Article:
Alicia always seeks out British, and if there’s none available, she doesn’t buy. She says that although “Rayner makes a compelling case for New Zealand lamb, for [her] it isn’t about the food miles so much as supporting British farmers and creating food that has a sense of the place we live in”. She doesn’t “understand steak houses that open here making a virtue of the fact that they use American beef – the British beef I have had is the best I have had anywhere”.

While Matt may not yet have much knowledge of cuts, he does “pretty much avoid buying non-British”. As he hates the “overall big supermarket experience” he buys most of his meat from local independent butchers, which he has within walking distance. When “it’s a choice between rubbish ‘local’ supermarkets who aren’t good for meat, or fabulous, friendly independent butchers who really know what they’re doing, it’s no surprise I end up in the butchers”.

 

Contributors

Alicia Fourie foodycat.blogspot.co.uk
Helen Best-Shaw fussfreeflavours.com
Karen Burns-Booth lavenderandlovage.com
Kathryn londonbakes.com
Laura Scott howtocookgoodfood.co.uk
Mat Follas matfollas.com
Matt Gibson gothick.org.uk
Neil Davey nrdavey.co.uk
Sally Prosser mycustardpie.com

With thanks to Quality Standard Beef & Lamb for arranging a private masterclass with Martin Eccles and giving us some delicious British beef and lamb to take home. Further information about British beef (and lamb), including quality assurance, nutrition, cuts and carving advice can be found at the Simply Lamb & Beef website. Additional images courtesy of Quality Standard Mark and Shutterstock.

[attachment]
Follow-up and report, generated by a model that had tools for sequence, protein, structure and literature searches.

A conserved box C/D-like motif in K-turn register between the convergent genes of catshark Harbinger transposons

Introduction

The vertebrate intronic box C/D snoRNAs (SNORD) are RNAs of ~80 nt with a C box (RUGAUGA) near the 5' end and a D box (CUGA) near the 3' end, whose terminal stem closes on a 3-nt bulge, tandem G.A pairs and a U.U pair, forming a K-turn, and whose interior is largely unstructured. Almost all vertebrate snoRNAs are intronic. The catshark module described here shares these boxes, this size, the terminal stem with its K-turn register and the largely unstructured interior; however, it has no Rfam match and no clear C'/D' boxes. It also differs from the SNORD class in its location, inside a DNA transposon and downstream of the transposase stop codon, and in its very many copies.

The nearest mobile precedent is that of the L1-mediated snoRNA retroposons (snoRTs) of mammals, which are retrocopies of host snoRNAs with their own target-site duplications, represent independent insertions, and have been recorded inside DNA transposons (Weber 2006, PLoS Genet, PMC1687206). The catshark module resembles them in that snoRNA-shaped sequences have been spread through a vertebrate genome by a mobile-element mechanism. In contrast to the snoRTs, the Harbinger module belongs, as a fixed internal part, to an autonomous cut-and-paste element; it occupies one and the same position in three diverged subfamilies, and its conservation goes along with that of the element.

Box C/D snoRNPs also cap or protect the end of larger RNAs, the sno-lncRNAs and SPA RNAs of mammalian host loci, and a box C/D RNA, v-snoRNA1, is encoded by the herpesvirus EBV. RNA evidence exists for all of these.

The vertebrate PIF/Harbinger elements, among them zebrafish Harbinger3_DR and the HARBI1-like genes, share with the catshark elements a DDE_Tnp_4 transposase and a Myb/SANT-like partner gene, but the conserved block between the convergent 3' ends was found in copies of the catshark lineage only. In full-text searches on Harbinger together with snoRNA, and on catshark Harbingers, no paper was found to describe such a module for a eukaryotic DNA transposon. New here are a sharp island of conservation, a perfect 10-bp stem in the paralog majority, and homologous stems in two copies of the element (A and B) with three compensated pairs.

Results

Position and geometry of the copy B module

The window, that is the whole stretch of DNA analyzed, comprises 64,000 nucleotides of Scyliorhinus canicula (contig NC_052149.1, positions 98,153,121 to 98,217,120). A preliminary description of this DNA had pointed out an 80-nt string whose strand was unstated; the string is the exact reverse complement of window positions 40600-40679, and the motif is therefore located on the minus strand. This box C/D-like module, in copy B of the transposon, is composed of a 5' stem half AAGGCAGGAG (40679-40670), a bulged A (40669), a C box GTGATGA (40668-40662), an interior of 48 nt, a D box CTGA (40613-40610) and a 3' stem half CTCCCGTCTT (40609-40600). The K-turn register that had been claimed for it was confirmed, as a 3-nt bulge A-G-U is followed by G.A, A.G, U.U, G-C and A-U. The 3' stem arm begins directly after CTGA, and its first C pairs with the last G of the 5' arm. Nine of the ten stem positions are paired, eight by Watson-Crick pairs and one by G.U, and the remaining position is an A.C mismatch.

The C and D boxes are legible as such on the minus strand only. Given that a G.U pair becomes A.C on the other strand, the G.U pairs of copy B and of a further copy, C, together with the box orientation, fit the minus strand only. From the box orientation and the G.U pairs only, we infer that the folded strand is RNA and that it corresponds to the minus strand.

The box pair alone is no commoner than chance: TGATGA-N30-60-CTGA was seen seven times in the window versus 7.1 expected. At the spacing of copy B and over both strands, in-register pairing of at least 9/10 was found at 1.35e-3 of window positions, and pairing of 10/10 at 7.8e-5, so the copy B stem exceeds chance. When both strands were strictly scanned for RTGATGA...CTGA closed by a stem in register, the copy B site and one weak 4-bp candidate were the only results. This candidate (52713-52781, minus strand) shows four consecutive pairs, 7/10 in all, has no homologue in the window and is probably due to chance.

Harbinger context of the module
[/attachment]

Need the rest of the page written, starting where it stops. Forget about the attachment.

There’s no denying that I love going out to eat. But I’m also very partial indeed to a really good takeaway – whether we dine at the table or slob out in front of the TV, having great food delivered from local restaurants is a wonderful indulgence. For the last couple of years, we’ve happily foregone the frantic search for a takeaway menu, not to mention the irritation of dishes and prices being out of date, by ordering online via JUST EAT. Being able to pay by card is a boon too.

Tried & Tasted 2012-2015 consistency logo

One of JUST EAT’s regular campaigns is their Tried & Tasted award scheme – customers across the country feed back on their favourite local takeaways via the website’s reviews and ratings scheme and JUST EAT give awards based on the ratings. In order to ensure both consistency and quality, JUST EAT stipulate that winning restaurants must have more than 100 online reviews with an average rating of 4.5 or above. This year, on top of awarding Tried & Tasted status to over 1000 restaurants, there is a new Consistency award that recognises the nation’s top 20 from those establishments that have achieved Tried & Tasted for 4 years in a row.